At the same time, he began to negotiate a “strategic partnership” with Doroshenko, but Briukhovetsky grossly miscalculated here, hoping that Doroshenko would be an obedient tool in his hands. Hetman Doroshenko marched on Left-Bank Ukraine in the spring of 1668, calling up thousands of men to his colors. His popularity was boosted by his victory in 1667 over the Polish army led by Machowski and general discontent with the Treaty of Andrusovo (1667) between Russia and Poland, which finally legalized the partition of Ukraine along the Dnipro River. So when Doroshenko’s troops approached Briukhovetsky’s camp in Opishnia in June 1668, the Cossacks switched sides, mutinied against the Left-Bank hetman, and killed him; an ignominious and predictable end.
It seemed that the hour of Doroshenko’s highest triumph had come and that his goal was close to being achieved, as never before. However, the many enemies of the hetman — who had almost succeeded in reuniting Ukraine — primarily Warsaw and Moscow, joined forces and made an all-out effort to thwart the plans of the popular Ukrainian leader. The Polish troops led by the Crown Hetman, the future king Jan Sobieski, launched a massive attack on Doroshenko; in Left- Bank Ukraine pro-Moscow circles were exerting relentless pressure on the Cossack officers and nominated a new hetman, Demian Mnohohrishny, as an alternative to Doroshenko’s unifying movement. The hetman was gradually but steadily falling into a trap that is traditional for our national leaders: excessive dependence on external forces. This especially applied to relations with the Turkish sultan.
Already in January 1668 it had been decided at a Cossack council in Chyhyryn not to recognize the supreme authority of either the Muscovite tsar or the Polish king but to ask the sultan (as a relatively neutral force) for protection on the condition that full autonomy would be granted to the Ukrainian lands. Later, in the fall of 1668, Doroshenko’s special envoys Hryhorii Bilohrud and Lev Buskevych submitted conditions to Istanbul that were even more beneficial (for Ukraine) for the treaty with the sultan: an interstate alliance (on the traditional basis formed by Khmelnytsky) in order to counter Polish and Muscovite expansion.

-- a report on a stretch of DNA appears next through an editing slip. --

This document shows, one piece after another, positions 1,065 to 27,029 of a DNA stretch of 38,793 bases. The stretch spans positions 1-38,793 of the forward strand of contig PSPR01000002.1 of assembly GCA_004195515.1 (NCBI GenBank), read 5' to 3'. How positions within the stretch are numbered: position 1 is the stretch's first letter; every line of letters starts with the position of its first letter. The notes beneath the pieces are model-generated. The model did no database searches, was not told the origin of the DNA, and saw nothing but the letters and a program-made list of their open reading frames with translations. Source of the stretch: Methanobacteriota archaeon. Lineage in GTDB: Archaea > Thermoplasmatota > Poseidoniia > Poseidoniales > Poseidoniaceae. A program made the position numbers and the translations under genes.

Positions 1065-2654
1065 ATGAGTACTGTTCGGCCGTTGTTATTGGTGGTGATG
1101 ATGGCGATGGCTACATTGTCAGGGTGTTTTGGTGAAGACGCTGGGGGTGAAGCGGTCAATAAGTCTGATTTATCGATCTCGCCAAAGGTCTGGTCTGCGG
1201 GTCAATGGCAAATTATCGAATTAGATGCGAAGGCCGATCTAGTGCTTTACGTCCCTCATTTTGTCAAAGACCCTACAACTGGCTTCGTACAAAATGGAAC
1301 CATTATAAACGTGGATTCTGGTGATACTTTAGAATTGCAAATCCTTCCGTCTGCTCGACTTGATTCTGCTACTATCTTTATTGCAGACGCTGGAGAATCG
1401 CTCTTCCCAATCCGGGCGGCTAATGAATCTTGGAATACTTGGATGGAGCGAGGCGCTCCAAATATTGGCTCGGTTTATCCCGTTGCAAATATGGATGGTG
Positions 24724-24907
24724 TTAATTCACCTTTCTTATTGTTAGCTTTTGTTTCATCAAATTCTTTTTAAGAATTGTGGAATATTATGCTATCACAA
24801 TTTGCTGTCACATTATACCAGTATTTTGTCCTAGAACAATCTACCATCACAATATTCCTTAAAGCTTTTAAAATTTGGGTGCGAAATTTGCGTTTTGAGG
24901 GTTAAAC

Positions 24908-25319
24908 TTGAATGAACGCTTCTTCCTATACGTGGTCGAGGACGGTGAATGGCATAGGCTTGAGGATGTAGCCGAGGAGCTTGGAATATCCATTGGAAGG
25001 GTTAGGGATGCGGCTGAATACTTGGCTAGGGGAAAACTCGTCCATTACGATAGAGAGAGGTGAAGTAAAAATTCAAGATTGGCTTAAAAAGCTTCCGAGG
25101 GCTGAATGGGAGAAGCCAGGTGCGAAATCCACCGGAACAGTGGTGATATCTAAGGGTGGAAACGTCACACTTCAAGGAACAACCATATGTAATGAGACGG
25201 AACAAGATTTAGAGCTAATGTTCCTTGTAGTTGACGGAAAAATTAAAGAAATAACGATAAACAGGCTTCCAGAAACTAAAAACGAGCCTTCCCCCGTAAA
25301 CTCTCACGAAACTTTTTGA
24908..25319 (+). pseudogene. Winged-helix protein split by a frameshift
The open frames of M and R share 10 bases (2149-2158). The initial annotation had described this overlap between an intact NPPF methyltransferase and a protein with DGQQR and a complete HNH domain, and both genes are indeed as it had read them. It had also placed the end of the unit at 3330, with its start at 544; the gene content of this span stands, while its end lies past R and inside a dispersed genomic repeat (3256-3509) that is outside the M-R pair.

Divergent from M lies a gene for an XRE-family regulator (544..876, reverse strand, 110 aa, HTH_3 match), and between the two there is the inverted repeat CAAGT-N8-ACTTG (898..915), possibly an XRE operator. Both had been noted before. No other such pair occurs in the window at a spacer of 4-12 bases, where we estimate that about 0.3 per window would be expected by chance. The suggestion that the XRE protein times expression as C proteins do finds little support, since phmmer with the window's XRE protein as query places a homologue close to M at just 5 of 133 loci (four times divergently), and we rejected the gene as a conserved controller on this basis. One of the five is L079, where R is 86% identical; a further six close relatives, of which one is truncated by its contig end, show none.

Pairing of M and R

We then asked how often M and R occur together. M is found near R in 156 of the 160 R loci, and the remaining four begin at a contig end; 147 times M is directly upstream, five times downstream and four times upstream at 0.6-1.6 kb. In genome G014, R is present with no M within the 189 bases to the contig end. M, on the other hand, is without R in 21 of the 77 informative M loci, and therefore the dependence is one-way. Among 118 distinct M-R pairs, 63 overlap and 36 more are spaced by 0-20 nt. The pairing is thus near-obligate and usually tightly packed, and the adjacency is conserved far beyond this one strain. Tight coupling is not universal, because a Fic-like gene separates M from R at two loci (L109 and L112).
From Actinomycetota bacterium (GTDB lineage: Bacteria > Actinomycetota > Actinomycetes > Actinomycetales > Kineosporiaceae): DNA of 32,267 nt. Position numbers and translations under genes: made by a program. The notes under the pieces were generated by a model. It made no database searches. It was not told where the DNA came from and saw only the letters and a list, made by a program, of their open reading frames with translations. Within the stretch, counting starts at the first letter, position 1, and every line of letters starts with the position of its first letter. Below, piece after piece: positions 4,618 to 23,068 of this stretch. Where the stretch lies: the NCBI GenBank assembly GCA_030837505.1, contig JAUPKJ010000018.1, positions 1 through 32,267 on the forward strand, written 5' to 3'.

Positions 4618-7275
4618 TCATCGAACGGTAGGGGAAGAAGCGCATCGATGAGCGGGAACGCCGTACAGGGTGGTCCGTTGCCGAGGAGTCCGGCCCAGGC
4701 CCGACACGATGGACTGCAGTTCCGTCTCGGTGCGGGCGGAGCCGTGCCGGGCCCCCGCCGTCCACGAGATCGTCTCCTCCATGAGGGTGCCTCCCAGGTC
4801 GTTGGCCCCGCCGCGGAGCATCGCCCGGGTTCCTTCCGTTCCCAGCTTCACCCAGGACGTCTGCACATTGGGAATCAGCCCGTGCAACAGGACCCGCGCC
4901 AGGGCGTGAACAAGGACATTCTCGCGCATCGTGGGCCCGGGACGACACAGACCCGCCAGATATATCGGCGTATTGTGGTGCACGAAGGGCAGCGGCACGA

However, events were spinning out of control. Naturally, the sultan also had certain plans for the Ukrainian lands. When the Turkish ruler Mohammed IV invaded Right-Bank Ukraine in the spring of 1672, at the head of a 100,000- strong army and declared war on Poland (“for attacking my loyal Doroshenko”), the vast Ukrainian territory was laid waste, cities were burned down, and hundreds of thousands of people were taken into captivity. The most terrible thing was that the people knew that Doroshenko himself supported the sultan. Equally horrible were the consequences of another invasion in 1676-77, when the famous Cossack capital of Chyhyryn was seized and burned down.
Having lost his erstwhile prestige, Hetman Doroshenko abdicated on Sept. 19, 1676, in favor of the pro-Russian Ivan Samoilovych from Left-Bank Ukraine. This time Moscow meted out “gracious” treatment to the former hetman: he was banished to the village of Yaropolcha near Volokolamsk (the tsar’s gift!), where he died in November 1698.
But the people remembered him, despite being aware of the many fatal errors that were committed by this person, who sincerely wished Ukraine nothing but good.